Alpine Training - An Epic - Part Two
Written by Ross Cooper

...he's broken his leg... I stared down in disbelief with the rope locked off in the belay device, grit and snow running down where it'd thawed from the friction in the fall. A flush of panic came over me. What do I do? What will people say? Even there I could remember Barney's joke from college of us falling for eternity to our deaths. It was comical there, but not here. I could feel a wave of 'I told you so's' coming over me, and the news reports on the BBC reporting a dramatic helicopter rescue of two English students from a high peak. Just like the one we'd seen from the glacier earlier that day.

Have you broken it Chris?! Don't know!!

What do you mean you don't know! You can either walk on it or you can't. I was getting snappy - an instant sign that I was getting scared - 'are you bleeding?! No, but I've hurt my arm too...!

I couldn't believe what I as hearing. This wasn't supposed to happen. Not here. Not like this. I closed my eyes and whispered a prayer to Jesus. I didn't want to die, I didn't want to have to be rescued.

Chris made his way up and over to me, taking only a few minutes. I was surprised to see him walking and moving quite normally, although slower, and more stiff than normal. His face looked ill, and it concerned me. 'can you carry on? It's not far now to the station.!

Yeah, but I'll be slow.! That's alright, just move as fast as you can!!

I untied from the rope, and threaded it through the bundle of tat that adorned to bolt. I nervously leant back, on the thin rope, and slid down it on my belay plate to the bottom of the wide chimney. Chris followed, and I was relieved to find that the rope didn't jam as I pulled it through and down.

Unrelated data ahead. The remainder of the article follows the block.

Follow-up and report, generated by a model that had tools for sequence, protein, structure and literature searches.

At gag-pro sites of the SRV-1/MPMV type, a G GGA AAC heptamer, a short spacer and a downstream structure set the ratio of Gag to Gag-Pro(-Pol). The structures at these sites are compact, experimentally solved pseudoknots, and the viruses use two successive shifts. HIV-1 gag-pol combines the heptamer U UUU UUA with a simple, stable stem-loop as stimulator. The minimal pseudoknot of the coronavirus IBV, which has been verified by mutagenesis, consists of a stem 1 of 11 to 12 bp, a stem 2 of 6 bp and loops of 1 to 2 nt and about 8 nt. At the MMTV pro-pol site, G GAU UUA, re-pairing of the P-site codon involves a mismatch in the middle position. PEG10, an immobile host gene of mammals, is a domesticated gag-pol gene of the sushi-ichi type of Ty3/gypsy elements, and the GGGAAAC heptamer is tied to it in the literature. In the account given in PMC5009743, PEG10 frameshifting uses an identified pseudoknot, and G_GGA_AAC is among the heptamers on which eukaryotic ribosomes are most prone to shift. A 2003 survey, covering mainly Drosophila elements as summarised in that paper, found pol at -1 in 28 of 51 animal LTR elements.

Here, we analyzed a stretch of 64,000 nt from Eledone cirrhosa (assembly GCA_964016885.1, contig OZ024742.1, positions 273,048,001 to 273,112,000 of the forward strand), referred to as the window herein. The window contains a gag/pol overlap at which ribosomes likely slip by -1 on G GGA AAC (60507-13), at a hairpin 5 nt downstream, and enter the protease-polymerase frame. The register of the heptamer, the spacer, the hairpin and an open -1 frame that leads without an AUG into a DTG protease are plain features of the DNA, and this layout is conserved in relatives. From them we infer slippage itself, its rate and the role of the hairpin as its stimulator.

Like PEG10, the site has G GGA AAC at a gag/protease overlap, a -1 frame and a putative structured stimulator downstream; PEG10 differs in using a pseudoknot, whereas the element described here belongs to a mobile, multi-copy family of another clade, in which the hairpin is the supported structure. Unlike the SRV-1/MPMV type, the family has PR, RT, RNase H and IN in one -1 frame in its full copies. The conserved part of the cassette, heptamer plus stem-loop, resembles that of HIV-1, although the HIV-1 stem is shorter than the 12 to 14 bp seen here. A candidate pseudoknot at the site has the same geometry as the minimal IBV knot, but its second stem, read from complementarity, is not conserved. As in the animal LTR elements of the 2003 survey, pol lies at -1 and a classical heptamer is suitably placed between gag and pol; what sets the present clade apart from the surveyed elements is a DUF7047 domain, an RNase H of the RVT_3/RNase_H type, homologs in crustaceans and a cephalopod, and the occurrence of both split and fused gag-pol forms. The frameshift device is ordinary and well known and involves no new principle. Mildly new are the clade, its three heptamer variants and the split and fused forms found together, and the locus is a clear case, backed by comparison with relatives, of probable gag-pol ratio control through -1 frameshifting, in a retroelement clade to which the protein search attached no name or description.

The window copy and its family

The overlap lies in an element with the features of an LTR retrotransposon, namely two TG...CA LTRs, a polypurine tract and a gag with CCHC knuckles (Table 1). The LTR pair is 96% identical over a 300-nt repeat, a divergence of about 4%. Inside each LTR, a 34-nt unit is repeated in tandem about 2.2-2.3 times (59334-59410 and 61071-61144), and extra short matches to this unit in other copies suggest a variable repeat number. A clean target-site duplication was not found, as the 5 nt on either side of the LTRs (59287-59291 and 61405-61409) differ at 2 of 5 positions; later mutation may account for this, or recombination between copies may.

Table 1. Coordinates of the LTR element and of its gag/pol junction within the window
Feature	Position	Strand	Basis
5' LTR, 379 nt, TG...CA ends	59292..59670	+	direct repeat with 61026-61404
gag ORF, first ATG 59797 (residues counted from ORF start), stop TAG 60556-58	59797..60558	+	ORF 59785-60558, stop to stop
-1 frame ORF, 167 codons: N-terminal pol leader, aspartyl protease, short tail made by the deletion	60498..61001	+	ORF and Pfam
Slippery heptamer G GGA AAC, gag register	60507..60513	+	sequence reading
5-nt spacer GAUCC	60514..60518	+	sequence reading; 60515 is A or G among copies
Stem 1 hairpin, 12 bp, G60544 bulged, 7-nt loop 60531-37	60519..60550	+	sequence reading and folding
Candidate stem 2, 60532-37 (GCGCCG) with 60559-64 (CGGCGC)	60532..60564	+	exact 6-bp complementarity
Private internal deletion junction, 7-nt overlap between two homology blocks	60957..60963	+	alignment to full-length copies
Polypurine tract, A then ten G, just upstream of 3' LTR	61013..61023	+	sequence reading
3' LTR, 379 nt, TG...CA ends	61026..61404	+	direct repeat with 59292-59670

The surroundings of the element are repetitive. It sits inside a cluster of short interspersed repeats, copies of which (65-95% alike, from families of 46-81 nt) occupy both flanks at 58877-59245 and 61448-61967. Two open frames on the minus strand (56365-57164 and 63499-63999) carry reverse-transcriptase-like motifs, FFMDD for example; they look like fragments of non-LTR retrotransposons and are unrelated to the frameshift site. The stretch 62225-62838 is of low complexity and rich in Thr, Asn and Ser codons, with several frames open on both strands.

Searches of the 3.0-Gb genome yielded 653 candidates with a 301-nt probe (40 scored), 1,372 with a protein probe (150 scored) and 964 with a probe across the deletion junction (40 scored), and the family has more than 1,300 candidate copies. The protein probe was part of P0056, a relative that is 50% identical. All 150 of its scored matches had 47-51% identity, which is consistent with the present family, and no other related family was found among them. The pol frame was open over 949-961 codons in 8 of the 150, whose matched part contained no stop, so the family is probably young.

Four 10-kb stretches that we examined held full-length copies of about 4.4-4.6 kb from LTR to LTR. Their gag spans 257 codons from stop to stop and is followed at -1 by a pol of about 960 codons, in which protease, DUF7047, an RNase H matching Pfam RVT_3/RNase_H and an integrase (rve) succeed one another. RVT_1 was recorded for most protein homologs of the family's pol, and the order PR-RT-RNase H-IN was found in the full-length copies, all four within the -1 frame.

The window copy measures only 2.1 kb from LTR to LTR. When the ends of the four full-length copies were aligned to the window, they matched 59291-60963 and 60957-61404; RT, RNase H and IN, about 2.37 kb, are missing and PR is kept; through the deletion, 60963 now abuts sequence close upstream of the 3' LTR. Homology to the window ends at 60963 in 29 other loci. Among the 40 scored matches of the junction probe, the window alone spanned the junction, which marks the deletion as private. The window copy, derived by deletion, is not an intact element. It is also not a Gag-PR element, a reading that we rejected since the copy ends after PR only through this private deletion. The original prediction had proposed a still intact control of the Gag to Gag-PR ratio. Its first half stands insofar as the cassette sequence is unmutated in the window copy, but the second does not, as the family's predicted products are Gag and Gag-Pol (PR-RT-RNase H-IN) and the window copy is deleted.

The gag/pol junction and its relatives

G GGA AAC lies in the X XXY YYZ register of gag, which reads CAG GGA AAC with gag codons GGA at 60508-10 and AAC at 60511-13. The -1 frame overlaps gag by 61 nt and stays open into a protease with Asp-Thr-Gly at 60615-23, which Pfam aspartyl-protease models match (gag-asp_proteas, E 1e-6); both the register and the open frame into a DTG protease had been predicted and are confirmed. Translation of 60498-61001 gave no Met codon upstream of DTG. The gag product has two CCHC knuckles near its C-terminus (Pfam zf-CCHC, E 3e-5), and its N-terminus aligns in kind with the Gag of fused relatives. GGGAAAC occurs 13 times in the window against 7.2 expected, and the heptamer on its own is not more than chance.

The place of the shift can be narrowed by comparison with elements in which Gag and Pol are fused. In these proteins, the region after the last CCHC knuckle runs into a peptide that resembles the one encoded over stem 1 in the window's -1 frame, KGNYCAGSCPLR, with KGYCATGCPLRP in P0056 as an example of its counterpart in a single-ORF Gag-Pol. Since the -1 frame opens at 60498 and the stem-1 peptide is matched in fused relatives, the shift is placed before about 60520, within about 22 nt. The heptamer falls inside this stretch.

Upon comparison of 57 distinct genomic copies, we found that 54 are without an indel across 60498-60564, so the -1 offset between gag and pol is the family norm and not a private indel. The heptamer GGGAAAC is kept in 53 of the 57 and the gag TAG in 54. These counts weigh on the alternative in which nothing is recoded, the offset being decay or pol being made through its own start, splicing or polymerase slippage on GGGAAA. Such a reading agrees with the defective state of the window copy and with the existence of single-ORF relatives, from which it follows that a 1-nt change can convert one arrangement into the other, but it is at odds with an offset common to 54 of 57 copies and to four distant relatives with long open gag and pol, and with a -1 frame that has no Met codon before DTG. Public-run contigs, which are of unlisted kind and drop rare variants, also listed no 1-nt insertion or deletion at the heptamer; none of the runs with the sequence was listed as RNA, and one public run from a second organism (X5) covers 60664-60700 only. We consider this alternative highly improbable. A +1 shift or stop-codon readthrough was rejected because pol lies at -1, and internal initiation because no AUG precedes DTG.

We regrouped our composure, I snapped at Chris to hurry up. I was now getting scared, clock watching my wristwatch, hoping we could complete the final rock pitch in time for the 6:00 cable car. We had just over an hour.

I re-roped, and moved as quickly as I could moving down and under following footprints until below the golden pillar. We then moved up and out rightwards on steep snow. Chris was slow. I didn't blame him. I called myself names, said prayers, and wished that we'd chosen something easier to start with. Less committing.

We moved up the next section, I moved quickly, plunging the shafts of my predator's deep in the snow. The snow was bad, collapsing under foot, not allowing us to move easily upwards. Soon Chris was out of sight. I was below another rock pillar, and could see the final section of rock. Relief of sorts flooded into my head. I settled with biving in the corridors of the Telegraphique. At least there we wouldn't freeze to death, and we could take the first car down in the morning.

I tried moving ahead, but found rope drag impossible, moving back and forth. Pacing like a soon to be father, I tried to mentally urge him on. Will him with a psychic link. I cursed Michel Piola for not giving more detail in the guide book. By the time Chris reached me it was gone 6. We were faced with a difficult decision. I didn't know where to go; up and over the ridge and climb from the left, or to the right, near a big chimney. I tried to pass the buck to Chris, unload the responsibility: I couldn't. I felt I started it - I will finish it.